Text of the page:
This Atlantic article by George Joseph explores the way to make more equalized public schools across D.C. (and look at that, none of Betsy Devos’s choices actually work). Joseph explore something we’ve been exploring all semester: housing. It turns out that a lot of the education is segregated because the housing near the schools is largely segregated (surprise, surprise).
As it turns out, charter and private school vouchers actually statistically encourage segregation because while the vouchers cover some cost, many African American families in D.C. still can’t afford the additional costs that come with a private or charter school (think books, uniforms, or transportation).
Gary Orfield, another collaborator and expert on these studies states “To achieving lasting diversity, you need to have recruitment across racial and ethnic lines, free transportation, a strongly appealing and distinctive curriculum, admission to all groups of students, integrated faculties, etc.” These are things largely not offered at charter schools (or often even at public schools).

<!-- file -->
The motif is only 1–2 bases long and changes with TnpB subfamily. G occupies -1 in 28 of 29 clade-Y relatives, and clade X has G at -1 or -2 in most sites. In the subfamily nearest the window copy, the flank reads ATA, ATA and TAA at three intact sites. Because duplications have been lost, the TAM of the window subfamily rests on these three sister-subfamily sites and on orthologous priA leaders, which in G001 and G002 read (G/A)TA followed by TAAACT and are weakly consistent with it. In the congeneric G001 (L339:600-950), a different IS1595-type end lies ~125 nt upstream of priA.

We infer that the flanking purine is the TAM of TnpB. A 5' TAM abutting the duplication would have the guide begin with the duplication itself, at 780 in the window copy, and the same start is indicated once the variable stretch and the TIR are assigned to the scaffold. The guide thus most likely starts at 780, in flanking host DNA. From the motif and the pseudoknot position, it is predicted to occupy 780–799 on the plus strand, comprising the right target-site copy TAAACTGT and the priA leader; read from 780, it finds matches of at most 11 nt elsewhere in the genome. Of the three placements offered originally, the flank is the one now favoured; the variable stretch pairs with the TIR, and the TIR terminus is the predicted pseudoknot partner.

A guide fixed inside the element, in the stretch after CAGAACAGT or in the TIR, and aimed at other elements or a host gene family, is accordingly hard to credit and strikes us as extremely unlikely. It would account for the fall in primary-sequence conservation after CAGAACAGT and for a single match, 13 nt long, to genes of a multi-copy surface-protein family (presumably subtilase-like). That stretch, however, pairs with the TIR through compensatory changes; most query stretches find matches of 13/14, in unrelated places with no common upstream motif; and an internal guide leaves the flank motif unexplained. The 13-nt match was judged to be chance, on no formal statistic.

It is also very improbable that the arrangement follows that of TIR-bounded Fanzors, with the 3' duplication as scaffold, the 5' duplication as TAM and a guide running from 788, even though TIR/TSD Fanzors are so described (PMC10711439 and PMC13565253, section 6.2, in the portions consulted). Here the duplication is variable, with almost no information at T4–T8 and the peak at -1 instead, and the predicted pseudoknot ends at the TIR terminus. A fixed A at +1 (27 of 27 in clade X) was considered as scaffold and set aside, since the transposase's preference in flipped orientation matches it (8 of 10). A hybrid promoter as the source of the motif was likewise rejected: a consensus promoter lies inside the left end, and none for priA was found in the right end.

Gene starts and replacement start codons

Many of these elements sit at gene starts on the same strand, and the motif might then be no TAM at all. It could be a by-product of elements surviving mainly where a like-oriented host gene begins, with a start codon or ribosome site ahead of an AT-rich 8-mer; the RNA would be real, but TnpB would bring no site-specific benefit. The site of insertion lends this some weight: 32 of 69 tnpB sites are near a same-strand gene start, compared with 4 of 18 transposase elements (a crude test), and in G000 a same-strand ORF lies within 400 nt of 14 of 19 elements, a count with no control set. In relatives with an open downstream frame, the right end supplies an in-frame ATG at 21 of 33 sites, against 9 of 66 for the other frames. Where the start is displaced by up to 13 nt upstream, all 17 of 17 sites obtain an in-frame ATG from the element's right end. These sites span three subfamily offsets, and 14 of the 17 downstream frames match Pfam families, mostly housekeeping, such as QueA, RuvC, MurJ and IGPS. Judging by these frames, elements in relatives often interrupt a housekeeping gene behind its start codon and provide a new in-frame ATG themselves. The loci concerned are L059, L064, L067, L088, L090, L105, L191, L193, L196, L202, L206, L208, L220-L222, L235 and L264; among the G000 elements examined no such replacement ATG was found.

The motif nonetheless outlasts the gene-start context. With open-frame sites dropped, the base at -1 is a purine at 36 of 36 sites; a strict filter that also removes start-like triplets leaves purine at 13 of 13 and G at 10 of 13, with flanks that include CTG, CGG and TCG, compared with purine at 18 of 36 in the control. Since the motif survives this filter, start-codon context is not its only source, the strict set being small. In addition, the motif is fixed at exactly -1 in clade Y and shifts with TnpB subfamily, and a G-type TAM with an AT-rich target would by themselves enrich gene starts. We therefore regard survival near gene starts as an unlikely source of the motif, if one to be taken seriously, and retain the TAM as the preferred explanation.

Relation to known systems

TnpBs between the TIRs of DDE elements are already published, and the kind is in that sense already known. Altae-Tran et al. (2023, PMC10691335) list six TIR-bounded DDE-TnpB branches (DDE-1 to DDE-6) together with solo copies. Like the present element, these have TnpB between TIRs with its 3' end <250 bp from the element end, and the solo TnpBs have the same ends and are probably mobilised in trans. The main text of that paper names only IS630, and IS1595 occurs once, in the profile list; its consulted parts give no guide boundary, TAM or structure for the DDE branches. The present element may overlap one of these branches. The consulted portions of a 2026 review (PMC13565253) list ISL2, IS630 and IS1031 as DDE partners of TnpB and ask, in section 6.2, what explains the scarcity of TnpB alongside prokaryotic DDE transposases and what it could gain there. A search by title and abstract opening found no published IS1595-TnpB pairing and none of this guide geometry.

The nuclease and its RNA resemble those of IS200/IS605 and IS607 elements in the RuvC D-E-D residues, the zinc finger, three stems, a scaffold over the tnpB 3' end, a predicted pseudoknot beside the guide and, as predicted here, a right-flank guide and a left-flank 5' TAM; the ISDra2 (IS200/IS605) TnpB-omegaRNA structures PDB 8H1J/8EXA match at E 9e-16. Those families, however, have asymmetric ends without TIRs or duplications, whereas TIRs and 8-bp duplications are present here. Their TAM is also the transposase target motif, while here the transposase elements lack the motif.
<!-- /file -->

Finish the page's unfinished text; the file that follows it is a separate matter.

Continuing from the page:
I think Orfield and Joseph bring a new rhetoric to the table. People rarely discuss the interconnection of cities, yet we see it again and again. I think this says something about our politics (why do more people not inform themselves on education?) and the human want to simplify topics by categorizing problems. But all in all we have to remember, a mountain (of issues with city life)is formed by more than a single stone.